In meiosis, germ cells are subjected to profound chromosomal and morphological changes during the production of highly differentiated haploid cells. A key step in this process is the segregation of homologous chromosomes at anaphase I. In most eukaryotes, homologous segregation depends on the formation of bivalents in prophase I and the orientation of homologous centromeres towards opposite poles in the meiosis I spindle.

Bivalent formation begins at the early stages of meiosis, where each chromosome approaches and aligns with its homolog in order to carry out pairing, synapsis, and recombination (for a review, see Zickler and Kleckner 2015). Although pairing and synapsis are somehow related processes, specific differences must be mentioned when referring to meiotic analysis; the approaching, juxtaposition, and overlapping of homologous chromosomes are commonly referred to as pairing, meanwhile, the closer alignment and connection of homologous chromosomes by the synaptonemal complex is generally called synapsis (Zickler and Kleckner 2015).

The processes of synapsis and recombination have been extensively studied and described elsewhere (Zickler and Kleckner 1998, 1999; Champion and Hawley 2002; Page and Hawley 2003, 2004). In contrast, the mechanisms underlying the regulation and timing of the pairing process remain poorly understood, with studies demonstrating conflicting results and leaving many open questions.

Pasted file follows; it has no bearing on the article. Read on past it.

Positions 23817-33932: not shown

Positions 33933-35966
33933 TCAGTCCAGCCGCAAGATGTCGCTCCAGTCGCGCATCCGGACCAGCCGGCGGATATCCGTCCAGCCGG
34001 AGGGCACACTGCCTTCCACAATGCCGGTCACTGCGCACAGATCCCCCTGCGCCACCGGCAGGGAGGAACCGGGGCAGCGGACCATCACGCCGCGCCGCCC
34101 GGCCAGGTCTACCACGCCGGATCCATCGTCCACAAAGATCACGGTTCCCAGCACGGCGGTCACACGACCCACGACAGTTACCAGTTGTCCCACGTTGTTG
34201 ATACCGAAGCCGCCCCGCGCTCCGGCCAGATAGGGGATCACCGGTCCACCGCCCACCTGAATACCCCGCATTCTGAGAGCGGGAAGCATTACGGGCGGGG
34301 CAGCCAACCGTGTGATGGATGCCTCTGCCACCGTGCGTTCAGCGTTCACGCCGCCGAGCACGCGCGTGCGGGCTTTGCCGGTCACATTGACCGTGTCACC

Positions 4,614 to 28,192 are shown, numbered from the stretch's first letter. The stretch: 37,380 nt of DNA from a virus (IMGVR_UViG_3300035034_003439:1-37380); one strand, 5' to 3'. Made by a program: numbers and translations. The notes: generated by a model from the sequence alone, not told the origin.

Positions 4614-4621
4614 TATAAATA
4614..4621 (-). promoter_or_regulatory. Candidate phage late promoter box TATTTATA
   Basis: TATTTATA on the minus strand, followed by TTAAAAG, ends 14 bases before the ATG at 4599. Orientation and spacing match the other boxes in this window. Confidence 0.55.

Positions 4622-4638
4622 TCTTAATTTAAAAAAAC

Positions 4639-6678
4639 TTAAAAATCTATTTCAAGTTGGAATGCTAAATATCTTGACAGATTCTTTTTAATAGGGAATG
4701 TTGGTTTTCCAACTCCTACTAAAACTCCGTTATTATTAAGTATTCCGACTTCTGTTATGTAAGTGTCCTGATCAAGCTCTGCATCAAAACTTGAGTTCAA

Two pieces of data suggest that pairing begins during the leptotene stage of prophase I. First, there is a certain consensus that in many organisms, repair of the double-strand breaks (DSBs) produced by the topoisomerase-like protein SPO11 during leptotene is the inducing factor for homologous pairing in meiosis (reviewed by Baudat et al. 2013). Using various models, researchers have described associations between the levels of or the correct development of DSBs, and the extent of homologous coalignment, successful pairing, and/or synapsis (Thorne and Byers 1993; Romanienko and Camerini-Otero 2000; Davis et al. 2001; Grelon et al. 2001; Peoples et al. 2002; Tessé et al. 2003; Henderson and Keeney 2004; Kauppi et al. 2013; Rockmill et al. 2013). Secondly, during leptotene, the protein SUN1 tethers the chromosome ends to the inner nuclear envelope, where they cluster to form a structure that resembles a bouquet (Ding et al. 2007; Hiraoka and Dernburg 2009). Bouquet formation have been described in many species (Zickler and Kleckner 1998, 2015; Scherthan 2001; Harper et al. 2004), suggesting that they ease homology searching by bringing the ends of chromosomes closer and aligning them. In fact, lack of SUN1 causes asynapsis and gametogenesis disruption in mice (Ding et al. 2007; Chi et al. 2009). Accordingly, it has been postulated that, in the nuclei of premeiotic cells (before DSB and bouquet structure formation), homologous chromosomes are spatially separated from each other, as they are in somatic cells. This interpretation is experimentally supported by studies analyzing the chromosome distribution of homologs in premeiotic cells using fluorescence in situ hybridisation (FISH)-based strategies (Scherthan et al. 1996; Scherthan and Schönborn 2001).